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In a discussion with one of my good friends on DA Anders Stangl. A very talented Photographer. Please do pay his gallery a visit.
We were discussing "sharpening"I mentioned that I had an alternative technique for adjusting sharpness on using photoshop than the existing "sharpening" filters. I thought I would share it with him and in doing so other friends on DA.
But first before going into the tutorial I thought I would give a little explanation of sharpness.
When we talk of sharpness it is often thought to be a solution to a poorly focused or blurred image. But it is not, a poorly focused or blurred image will remain a poorly blurred Actually sharpness describes the clarity of detail in a photo, and can be a valuable creative tool for emphasizing texture. Proper photographic and post-processing technique can go a long way towards improving sharpness, although sharpness is ultimately limited by your camera equipment, image magnification and viewing distance. Two fundamental factors contribute to the perceived sharpness of an image: resolution and acutance.
Acutance: Is how quickly image information transitions at an edge. High acutance results in sharp transitions and detail with clearly defined borders. Resolution: The camera's ability to distinguish between closely spaced elements of detail
Now onto the tutorial .. (If you click the images of the turtorial .. They will open up into a hi-rez verion of the image)
Open your image in Photoshop.
Zoom into an area of detail that is important or would benefit from sharpening.
In The Layers panel, right click on the Image Icon, a menu will open up and select duplicate layer.
A new layer containing the image will be created. In this case it is called "Background Copy"
In the layers panel keeping the "Background Copy" layer selected, right click on it and a menu will pop-up. Select "Covert to Smart layer" and have the image converted to a smart layer.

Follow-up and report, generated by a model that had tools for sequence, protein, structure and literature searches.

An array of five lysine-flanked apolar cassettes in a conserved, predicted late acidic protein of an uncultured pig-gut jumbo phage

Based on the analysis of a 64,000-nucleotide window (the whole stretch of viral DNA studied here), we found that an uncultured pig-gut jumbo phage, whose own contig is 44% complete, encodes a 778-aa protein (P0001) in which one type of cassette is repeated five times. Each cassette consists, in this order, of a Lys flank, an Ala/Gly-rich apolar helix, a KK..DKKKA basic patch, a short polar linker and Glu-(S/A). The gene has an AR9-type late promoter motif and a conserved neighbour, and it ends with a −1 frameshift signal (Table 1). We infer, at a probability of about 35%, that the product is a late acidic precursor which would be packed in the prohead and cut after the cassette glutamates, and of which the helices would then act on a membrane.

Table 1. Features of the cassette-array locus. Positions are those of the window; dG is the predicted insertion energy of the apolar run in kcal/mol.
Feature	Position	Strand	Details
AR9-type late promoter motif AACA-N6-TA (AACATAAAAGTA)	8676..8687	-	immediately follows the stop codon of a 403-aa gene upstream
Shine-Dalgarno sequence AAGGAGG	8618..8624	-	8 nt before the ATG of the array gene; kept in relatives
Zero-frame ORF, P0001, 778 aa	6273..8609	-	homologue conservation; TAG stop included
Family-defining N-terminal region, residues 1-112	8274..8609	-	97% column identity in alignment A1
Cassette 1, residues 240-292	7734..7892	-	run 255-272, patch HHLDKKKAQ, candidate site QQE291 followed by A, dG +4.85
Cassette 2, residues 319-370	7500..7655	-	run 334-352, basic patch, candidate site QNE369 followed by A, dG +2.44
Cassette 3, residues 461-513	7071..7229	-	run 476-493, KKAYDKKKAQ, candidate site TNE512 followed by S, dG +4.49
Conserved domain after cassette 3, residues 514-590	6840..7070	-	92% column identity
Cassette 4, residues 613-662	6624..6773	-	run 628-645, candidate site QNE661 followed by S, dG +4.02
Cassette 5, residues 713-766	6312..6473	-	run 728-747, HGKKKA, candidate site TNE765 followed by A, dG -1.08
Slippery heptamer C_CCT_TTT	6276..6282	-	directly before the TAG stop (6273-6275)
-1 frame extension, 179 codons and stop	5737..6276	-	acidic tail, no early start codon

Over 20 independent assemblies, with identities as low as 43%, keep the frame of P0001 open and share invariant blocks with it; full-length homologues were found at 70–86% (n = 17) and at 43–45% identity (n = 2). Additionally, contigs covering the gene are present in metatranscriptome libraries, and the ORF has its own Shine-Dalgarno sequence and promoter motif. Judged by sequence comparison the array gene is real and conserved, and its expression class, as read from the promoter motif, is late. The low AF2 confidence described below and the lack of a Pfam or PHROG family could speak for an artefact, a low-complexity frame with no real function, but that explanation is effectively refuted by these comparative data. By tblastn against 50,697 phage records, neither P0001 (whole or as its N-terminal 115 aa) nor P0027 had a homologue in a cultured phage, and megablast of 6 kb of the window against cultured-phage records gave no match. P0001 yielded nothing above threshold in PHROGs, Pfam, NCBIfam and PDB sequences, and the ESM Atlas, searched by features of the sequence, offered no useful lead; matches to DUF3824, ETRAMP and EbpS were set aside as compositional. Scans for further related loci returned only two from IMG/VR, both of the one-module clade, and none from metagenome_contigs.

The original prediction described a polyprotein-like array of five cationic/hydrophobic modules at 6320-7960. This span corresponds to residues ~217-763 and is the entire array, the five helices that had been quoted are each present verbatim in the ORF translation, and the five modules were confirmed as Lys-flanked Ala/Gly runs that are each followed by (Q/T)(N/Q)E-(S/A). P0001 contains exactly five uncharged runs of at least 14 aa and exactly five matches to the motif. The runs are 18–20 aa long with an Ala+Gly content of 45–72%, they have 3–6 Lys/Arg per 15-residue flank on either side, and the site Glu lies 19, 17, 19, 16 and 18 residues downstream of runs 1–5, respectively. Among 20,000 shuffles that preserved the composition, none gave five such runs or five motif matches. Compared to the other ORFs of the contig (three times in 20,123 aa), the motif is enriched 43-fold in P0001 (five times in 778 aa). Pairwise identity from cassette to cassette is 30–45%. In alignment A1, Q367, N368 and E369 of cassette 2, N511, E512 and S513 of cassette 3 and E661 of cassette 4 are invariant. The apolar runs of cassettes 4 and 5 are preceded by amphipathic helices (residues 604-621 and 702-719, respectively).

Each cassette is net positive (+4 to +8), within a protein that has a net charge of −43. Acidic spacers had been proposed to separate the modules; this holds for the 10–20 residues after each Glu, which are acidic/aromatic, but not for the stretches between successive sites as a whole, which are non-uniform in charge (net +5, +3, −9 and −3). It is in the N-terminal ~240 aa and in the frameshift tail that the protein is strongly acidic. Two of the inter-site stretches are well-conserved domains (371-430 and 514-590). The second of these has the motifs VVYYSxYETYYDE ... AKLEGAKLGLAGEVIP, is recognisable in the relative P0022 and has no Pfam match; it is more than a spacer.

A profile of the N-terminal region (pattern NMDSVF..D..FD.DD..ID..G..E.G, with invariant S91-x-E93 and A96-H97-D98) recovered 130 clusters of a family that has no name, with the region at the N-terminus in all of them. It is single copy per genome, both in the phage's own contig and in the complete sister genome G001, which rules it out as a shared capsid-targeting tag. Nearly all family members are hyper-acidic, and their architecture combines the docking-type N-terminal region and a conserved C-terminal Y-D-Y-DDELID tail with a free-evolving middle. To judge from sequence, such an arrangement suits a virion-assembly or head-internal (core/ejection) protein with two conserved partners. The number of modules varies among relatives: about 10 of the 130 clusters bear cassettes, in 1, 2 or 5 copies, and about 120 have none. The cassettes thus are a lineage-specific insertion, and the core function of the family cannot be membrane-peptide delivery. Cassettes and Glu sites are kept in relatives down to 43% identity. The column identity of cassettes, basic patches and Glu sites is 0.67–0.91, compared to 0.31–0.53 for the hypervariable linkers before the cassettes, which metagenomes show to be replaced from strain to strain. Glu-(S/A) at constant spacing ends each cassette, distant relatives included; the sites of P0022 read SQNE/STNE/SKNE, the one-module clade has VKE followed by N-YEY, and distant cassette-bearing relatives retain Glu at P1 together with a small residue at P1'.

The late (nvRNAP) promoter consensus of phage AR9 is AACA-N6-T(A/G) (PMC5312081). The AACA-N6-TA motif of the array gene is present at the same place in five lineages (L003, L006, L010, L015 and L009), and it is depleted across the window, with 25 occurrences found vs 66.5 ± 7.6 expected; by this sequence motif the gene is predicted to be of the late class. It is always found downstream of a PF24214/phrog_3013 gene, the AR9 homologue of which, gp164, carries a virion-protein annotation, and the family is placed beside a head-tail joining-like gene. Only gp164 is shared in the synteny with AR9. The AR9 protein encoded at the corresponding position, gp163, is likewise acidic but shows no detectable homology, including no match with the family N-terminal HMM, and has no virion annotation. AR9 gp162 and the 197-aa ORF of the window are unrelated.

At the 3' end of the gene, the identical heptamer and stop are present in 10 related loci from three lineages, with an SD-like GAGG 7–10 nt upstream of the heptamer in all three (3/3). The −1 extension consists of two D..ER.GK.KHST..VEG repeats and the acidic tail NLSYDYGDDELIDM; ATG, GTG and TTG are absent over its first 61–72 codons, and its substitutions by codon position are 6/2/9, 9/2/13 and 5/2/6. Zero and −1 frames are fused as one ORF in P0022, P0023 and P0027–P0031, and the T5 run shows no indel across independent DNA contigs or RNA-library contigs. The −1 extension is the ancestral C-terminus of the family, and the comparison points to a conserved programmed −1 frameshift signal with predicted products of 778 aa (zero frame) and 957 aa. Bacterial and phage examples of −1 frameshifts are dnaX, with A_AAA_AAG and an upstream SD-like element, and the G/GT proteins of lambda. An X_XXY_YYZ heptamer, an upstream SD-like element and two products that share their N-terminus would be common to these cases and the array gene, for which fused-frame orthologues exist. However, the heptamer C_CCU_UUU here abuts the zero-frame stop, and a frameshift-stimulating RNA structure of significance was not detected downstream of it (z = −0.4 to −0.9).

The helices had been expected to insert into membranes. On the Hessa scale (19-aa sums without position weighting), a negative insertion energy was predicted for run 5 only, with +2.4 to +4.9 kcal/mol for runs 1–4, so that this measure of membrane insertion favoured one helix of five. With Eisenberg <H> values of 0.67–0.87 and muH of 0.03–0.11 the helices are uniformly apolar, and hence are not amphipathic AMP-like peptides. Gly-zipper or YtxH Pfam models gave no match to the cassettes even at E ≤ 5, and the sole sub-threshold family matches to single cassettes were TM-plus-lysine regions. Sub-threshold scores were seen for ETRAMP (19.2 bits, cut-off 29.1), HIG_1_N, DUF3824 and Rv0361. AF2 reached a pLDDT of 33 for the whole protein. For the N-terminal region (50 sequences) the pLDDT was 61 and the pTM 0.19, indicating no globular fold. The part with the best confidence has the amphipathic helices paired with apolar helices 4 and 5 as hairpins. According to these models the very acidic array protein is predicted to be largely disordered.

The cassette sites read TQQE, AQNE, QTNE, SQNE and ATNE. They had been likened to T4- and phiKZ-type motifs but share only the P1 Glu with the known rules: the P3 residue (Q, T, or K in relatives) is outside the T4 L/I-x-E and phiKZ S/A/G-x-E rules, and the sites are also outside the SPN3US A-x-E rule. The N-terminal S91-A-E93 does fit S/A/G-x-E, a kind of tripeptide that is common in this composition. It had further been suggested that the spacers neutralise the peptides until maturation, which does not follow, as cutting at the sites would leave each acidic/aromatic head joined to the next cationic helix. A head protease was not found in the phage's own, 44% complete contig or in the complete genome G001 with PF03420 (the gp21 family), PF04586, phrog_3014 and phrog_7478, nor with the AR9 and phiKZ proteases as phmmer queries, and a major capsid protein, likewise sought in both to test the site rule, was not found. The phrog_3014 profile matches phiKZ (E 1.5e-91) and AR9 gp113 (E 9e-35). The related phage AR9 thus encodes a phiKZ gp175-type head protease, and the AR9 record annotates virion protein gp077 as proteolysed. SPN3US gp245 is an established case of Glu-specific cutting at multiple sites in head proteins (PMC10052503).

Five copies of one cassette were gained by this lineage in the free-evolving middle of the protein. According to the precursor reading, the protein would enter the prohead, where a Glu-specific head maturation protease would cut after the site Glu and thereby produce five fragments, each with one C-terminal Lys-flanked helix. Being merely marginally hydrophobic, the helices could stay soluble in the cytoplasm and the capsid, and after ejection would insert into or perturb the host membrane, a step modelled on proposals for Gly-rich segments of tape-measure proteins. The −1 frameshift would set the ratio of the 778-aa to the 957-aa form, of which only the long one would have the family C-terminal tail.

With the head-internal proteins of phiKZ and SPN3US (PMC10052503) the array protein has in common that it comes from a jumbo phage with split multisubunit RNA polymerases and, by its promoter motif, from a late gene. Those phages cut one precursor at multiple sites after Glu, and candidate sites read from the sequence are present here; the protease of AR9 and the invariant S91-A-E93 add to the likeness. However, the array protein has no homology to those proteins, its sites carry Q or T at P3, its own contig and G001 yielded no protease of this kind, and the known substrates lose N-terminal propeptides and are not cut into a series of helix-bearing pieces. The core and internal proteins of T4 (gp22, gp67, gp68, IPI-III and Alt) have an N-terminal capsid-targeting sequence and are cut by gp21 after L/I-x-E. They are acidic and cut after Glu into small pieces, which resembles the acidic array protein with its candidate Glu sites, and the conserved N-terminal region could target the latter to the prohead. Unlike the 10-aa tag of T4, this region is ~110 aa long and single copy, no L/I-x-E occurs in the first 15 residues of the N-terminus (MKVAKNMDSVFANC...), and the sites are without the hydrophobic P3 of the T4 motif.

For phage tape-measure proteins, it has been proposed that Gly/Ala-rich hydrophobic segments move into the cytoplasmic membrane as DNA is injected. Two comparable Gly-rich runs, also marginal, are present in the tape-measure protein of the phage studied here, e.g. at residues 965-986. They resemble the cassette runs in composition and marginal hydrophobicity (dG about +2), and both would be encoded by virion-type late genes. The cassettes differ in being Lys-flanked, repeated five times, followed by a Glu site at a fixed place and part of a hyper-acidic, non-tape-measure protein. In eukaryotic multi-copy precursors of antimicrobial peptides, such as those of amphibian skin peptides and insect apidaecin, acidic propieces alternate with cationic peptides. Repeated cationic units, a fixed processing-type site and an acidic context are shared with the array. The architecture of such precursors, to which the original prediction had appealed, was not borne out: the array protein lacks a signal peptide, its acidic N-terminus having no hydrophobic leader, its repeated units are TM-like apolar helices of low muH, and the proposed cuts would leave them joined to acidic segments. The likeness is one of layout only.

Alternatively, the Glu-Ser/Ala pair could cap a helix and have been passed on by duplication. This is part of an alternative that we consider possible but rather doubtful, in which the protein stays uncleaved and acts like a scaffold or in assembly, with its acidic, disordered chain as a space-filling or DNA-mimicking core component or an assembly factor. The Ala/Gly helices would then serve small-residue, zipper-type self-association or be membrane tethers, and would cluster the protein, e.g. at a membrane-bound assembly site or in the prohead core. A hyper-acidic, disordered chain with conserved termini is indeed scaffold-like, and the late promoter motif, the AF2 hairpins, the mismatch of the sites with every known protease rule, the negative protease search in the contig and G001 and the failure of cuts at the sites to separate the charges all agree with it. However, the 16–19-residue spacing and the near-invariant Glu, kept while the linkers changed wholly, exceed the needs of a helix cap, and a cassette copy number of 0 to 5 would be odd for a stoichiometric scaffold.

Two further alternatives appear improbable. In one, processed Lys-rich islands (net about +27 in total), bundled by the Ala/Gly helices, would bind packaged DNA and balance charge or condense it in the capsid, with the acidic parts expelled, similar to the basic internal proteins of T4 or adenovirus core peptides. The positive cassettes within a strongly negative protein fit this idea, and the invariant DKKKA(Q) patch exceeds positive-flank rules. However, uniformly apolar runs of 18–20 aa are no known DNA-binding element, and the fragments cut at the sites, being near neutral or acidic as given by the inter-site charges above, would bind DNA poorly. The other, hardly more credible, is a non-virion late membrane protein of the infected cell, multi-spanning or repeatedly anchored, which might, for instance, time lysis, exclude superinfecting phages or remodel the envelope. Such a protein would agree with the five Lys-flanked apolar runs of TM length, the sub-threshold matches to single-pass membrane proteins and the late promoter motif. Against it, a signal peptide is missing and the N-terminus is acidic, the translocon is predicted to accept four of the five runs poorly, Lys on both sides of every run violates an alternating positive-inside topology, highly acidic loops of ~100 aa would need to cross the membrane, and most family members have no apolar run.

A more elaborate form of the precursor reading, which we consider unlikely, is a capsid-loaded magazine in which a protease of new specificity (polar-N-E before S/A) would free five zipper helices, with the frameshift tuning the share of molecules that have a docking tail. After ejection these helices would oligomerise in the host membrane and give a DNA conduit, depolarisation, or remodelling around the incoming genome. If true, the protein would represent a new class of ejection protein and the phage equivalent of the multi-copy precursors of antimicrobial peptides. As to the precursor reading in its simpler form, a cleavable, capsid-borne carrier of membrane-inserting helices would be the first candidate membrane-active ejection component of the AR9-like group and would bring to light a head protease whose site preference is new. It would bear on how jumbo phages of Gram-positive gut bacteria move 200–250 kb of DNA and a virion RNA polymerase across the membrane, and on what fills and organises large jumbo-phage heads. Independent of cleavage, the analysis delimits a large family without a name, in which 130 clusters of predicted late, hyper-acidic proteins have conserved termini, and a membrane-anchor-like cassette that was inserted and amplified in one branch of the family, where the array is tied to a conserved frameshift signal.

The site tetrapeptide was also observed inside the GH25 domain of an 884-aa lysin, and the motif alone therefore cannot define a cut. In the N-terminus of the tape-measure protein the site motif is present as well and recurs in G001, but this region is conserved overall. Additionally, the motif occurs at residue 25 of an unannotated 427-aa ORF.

Keeping The "Background Copy" layer selected, click on filters - other - high pass
The HighPass Filter will appear, Keep the "Preview" button selected and adjust the slider for radius. The Highpass filter will turn the image grey and my personal suggestion is to adjust the slider to where on starts to see darker sharp outlines with a little lighter grey areas along side it. But not too much as excessive adustment will lead to a "halo" effect.
Then Click the "OK" button
But dont worry too much now as this will be fine tuned later.
Now go back to the "layers" panel and where it says normal .. Click on it and select " Overlay" and voila. It will result in a sharpened image.
Side by side comparison of the original and sharpened image.
Now go back and examine the image closely ..in all areas .. making sure you are satified with the level of sharpening. If not there are a few ways you can adjust the sharpening. To increase or decrease.
1. Go back to the layers panel, keep the "Background Copy" layer selected, double click on the text that says "High Pass" and the "High Pass Filter" dialog will pop up again. Now as you adjust the slider you will be able to see the sharpening effect change in real time.
Other ways to adjust the sharpening effect
(a) Select "Soft light" Instead of "Overlay" (b) Change the "Opacity" or "Fill" of the layer from the Layers Panel.
To Be Done .. how to use the "Mask" capability of a layer to apply the sharpening to selective areas.